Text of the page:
Week in Review—Fort Wayne
|U.S. Attorney’s Office November 02, 2012|
FORT WAYNE, IN—The United States Attorney’s Office announced the following activity:
Michael Watkins, 55, of Fort Wayne, Indiana, pled guilty before Magistrate Judge Roger Cosbey to the felony offenses of distribution of material involving the sexual exploitation of minors and possession of materials depicting minors engaging in sexually explicit conduct. Magistrate Cosbey is recommending that the district court accept the tendered guilty plea. Parties have 10 days in which to object to the magistrate judge’s recommendation. These charges were filed as a result of an investigation by U.S. Immigration and Customs Enforcement’s Homeland Security Investigations and the Noblesville Police Department. This case is being prosecuted by Assistant United States Attorney Lesley Miller Lowery.
If convicted in court, any specific sentence to be imposed will be determined by the judge after a consideration of federal sentencing statutes and the Federal Sentencing Guidelines.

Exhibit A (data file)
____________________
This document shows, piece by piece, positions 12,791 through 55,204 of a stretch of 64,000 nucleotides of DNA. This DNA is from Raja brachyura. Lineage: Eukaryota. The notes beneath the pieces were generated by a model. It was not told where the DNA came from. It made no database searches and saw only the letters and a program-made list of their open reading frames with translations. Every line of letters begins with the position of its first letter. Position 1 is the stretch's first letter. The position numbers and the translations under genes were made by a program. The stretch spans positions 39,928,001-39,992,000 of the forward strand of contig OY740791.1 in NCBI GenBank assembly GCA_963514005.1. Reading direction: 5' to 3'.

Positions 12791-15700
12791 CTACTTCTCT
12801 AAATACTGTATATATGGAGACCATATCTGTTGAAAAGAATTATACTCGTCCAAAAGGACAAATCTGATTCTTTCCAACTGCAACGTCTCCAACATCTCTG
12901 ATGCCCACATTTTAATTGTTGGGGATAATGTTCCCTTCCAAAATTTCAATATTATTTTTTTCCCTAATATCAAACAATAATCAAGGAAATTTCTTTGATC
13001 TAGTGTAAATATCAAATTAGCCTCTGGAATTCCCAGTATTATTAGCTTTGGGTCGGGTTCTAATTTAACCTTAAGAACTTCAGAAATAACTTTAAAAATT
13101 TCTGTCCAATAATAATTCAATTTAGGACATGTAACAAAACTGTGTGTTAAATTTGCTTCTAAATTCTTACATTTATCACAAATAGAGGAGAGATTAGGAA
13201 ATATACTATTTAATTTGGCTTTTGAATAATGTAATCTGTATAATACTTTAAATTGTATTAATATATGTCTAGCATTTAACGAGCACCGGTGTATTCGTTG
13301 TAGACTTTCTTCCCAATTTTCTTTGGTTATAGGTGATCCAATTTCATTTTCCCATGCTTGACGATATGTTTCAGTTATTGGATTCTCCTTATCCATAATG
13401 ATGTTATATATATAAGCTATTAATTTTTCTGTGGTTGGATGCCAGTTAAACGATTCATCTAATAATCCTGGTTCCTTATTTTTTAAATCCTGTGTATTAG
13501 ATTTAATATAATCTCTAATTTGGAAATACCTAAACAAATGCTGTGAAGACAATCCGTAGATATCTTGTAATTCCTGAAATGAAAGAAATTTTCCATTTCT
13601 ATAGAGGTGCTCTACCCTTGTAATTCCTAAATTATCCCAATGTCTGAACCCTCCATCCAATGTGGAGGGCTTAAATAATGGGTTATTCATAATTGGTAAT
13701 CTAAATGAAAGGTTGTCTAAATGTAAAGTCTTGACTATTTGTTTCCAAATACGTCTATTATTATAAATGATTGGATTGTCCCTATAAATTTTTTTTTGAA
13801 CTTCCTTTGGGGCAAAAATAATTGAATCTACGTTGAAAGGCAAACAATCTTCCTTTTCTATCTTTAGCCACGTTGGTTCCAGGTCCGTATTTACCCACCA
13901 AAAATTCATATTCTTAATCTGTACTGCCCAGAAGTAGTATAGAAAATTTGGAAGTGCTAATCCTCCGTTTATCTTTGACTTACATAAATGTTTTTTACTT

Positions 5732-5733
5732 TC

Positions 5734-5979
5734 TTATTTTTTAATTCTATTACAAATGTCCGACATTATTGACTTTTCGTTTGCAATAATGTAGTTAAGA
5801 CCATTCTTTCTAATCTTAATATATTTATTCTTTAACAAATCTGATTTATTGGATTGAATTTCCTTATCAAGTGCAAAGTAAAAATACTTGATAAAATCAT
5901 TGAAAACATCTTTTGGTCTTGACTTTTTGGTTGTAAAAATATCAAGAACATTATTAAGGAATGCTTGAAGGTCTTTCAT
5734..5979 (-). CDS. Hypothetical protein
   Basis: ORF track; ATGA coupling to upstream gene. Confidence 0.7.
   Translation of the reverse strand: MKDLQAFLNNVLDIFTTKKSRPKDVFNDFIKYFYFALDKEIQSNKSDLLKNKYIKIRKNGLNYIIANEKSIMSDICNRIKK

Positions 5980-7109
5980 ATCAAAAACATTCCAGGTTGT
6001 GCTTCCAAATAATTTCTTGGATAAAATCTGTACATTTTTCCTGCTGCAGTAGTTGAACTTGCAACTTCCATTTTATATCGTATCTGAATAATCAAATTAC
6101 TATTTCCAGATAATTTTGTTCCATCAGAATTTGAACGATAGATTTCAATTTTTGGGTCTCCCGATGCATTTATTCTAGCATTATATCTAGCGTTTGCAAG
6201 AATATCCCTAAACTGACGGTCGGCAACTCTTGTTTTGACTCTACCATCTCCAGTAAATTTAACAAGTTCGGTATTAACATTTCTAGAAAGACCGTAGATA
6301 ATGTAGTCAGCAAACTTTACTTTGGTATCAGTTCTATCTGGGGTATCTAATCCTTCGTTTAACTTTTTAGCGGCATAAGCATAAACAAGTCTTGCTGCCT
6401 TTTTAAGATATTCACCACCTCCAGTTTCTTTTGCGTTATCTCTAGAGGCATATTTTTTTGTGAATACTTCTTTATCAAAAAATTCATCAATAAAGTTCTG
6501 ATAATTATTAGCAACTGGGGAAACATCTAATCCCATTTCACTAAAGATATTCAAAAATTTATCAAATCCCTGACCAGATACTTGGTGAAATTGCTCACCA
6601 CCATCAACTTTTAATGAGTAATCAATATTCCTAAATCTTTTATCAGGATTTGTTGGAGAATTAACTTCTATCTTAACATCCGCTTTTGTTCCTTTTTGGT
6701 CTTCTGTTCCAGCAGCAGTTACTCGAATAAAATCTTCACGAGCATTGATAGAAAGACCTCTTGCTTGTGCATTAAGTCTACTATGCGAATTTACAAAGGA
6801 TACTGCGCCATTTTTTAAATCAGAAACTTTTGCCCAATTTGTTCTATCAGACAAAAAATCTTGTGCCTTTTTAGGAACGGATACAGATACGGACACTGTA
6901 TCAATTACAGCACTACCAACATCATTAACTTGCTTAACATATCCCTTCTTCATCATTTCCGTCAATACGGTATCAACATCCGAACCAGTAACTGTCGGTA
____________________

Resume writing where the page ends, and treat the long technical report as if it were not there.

Ryan Webb, 32, and Johnny Stine, 40, of Fort Wayne, Indiana, were each sentenced by District Judge Jon DeGuilio to 21 months’ imprisonment, two years of supervised release, and restitution of $585,000 after pleading guilty to the felony offense of making false statement in connection with a mortgage loan and mortgage insurance. According to the sentencing memorandum filed by the government in this case, Webb and Stine engaged in an extensive mortgage fraud scheme by purchasing inexpensive homes and, through the use of advertising, selling these homes for two and three times their original purchase price to buyers who could not on their own qualify for the needed mortgage loan. They provided monies to the home buyers/borrowers to cover loan closing costs and other expenses. To hide the fact that all of the monies for closing (that were supposed to come from the buyers/borrowers but in fact came from the seller), Webb and Stine prepared phony “gift letters” documenting falsely that the monies they provided had come from family or friends of the buyers/borrowers. They prepared and submitted mortgage loan applications containing false statements regarding the available assets of the home buyer/mortgage loan applicant, including the use of phony/fraudulent asset documentation that falsely stated buyer-borrower assets in bank accounts. This case was the result of an investigation by the Department of Housing and Urban Development-Office of the Inspector General, the Federal Bureau of Investigation, and the Indiana State Police. This case was prosecuted by Assistant United States Attorney Donald Schmid.